Wednesday, June 22, 2011


Tonight I'm playing with Carolyn Malachi in Annandale, VA. I'm looking forward to it. For those of you who may not live in DC, I've been playing guitar with Carolyn since about February of 2010 - well over a year now! Playing with her accounted for most of my performing last fall. She's doing big things (including a 2011 Grammy Nomination, for her song "Orion") and sounding great, and its been a pleasure to be involved.

Carolyn Malachi - Voice
Gary Prince - Guitar
Tarus Mateen - Bass
Jabari Exum - Djembe
Produced by James McKinney
Music by Regan Carver

This track is from her summer 2010 release "Lions Fires & Squares". I'm playing my Ibanez. This solo was about half composed, half pieced together in the studio - I planned what I would play for the first 8 bars of my solo, then did several takes playing that and improvising the rest, sometimes repeating similar things, sometimes not. Then, James and I listened back and picked out what we thought were the best moments from each take, which he later strung together into a complete unit.

Some years ago I probably would have felt a moral opposition to constructing a solo in this way. I used to believe quite strongly that everything possible should be played live in the studio, by the full band playing together, in one take. I still hold that, for some types of music, a live take is preferable, because there is so much more potential for energy and spontaneity. But I recognize now this it isn't a realistic way to get a good recording, and have come to accept as well that mining a set of improvisations for their best moments and putting them together isn't cheating. Why would it be? There is no cheating in music as long as it ultimately sounds good. And to get it sounding good, you do whatever necessary.

I've mellowed, and I'm very happy with how this turned out. James made that guitar sound great and really realized what I was after. Carolyn made a music video for this song as well, which you can view here. I used to dream of being in a music video when I was younger, I didn't make it in front of the camera this time, but I'm getting closer!

Wednesday, June 15, 2011

Improv with Kate Olson, 2.21.10

Digging in the archives tonight for no particular reason: please enjoy this track, the first improvisation from the "Improvised Duets" CD release concert at BloomBars, February 21st, 2010.

Gary Prince Kate Olson 2.21.10 Improv One by Gary Prince

Gary Prince: Electric Guitar
Kate Olson: Soprano Sax

It is hard to believe this is the first music I've posted featuring Kate Olson. Kate and I have improvised together since 2006, when we met as members of the Creative Arts Orchestra at the University of Michigan, when I was an undergrad and she was getting her Master's in Improvisation. During the summer of 2008 we would improvise together almost twice a week, often joined by Matt Endahl and Tim Cohen, mostly at the Canterbury House. In many ways the dynamic we developed that summer culminated in the recording of "Improvised Duets" in May of 2009, the recording of which is a story for another time. Kate lives in Seattle now and I miss her dearly. The last time we got to play together was November of last year, also at BloomBars - the next time will hopefully be early fall, whenever I can make it out to Seattle. It can't come soon enough for me.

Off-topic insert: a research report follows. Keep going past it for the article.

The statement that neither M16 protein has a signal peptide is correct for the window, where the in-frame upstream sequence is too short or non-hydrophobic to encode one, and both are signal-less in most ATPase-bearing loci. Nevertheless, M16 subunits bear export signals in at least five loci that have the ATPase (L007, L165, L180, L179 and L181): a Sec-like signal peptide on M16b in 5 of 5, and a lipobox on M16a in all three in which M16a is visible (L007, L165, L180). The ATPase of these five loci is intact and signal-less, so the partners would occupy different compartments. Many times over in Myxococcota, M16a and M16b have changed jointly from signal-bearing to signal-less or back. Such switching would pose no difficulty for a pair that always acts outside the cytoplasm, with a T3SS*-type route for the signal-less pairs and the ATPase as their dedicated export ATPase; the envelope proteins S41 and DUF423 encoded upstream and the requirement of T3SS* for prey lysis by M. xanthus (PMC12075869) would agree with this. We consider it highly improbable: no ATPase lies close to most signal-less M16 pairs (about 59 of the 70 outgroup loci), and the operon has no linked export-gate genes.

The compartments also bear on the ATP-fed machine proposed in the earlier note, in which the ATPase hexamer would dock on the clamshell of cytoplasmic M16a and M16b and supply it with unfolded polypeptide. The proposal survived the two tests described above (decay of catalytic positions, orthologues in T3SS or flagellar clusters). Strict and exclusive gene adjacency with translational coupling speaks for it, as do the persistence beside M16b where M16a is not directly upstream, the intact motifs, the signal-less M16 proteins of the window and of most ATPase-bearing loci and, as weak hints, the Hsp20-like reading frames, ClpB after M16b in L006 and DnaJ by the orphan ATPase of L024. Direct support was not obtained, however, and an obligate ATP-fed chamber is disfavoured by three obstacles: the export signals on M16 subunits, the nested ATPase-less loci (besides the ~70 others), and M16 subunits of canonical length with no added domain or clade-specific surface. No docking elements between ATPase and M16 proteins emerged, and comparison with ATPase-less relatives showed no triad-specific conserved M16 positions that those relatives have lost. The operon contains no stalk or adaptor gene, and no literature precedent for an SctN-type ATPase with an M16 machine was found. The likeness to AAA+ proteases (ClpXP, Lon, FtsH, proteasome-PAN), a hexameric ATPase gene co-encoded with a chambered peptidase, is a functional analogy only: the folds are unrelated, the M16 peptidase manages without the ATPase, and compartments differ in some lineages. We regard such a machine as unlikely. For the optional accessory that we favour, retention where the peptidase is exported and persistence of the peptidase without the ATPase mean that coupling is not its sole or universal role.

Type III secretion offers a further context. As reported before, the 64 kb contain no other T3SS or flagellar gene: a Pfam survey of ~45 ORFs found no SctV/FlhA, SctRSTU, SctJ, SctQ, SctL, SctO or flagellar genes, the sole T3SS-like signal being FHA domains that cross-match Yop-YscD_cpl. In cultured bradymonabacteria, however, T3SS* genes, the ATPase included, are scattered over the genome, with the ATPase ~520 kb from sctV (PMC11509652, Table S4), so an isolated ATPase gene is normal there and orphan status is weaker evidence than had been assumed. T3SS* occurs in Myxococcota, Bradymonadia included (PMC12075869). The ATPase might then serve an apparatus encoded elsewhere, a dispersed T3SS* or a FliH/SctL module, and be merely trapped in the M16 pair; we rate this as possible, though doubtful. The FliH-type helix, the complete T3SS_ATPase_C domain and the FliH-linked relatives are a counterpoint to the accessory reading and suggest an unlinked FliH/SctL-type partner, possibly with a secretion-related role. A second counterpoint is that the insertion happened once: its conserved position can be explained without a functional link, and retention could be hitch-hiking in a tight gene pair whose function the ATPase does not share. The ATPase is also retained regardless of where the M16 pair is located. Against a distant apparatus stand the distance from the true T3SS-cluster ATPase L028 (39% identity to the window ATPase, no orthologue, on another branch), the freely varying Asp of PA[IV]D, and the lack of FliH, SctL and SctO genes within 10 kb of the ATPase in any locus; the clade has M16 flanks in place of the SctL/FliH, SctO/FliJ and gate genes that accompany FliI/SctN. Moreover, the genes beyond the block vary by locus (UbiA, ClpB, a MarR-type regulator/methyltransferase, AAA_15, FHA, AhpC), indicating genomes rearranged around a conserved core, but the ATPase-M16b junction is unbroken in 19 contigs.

When we performed it live, this track began with about 2 minutes of low, extended technique noise making, clearing the air following a Djembe Khan by Jabari Exum. I decided to leave that off of this track, in the interest of keeping things listenable. I am proud of this track for the way it builds, for the space we leave at the outset, the way the instruments switch roles naturally between soloist and accompanist (at about 3:20), and the transparency of the groove. I think this track is a good example of playing that is supportive without being overly imitative: a common trap in improvised music is trying to play exactly what your partner plays all the time - this chokes the music and limits it, especially in groove playing, where it becomes too easy to get 'stuck' in a tempo, time signature, key, or feel that is no longer compelling.

I feel awkward talking about my own playing like this, like talking about things I liked in my past playing will jinx my ability to play well in the future. I hope you enjoy the track. This weekend I'm playing for the first time with Chelsey Green and the Green Project, practicing, and getting ready for my life to belong to the Levine School of Music Music and Arts Day Camp. More soon.

Monday, June 13, 2011

Borrow Love

Two Saturdays ago I performed at the cd release for the album "You Call That Brave", by my good friend Sarah Fridrich. I played on one track on the album, "Borrow Love". Here it is:

Sarah Fridrich: Piano/Vox
Dan Marcellus: Drums
Gary Prince: Guitar

It's funny how time goes with an album - Sarah and I first worked on this song together in the winter of 2009. It was a lot slower then, and without drums. We recorded it almost exactly a year ago, in Sarah's basement, by putting a mic on my amp and then a big blanket over both (to muffle outside sound). I'm using my Ibanez here. The solo was originally an improvisation from rehearsal. It's hard to say now, but I was thinking about having a very dark, very wide sound - very different from how I normally play. I suppose if I was better at blogging I would have put this up two weeks ago, before the concert. Ah well.

In any case, I had a great time, there was a good crowd, and Sarah sounded fantastic.

Dig the goofy picture of yours truly from soundcheck

I've given up on the whole 'looking cool' thing. Goodnight folks.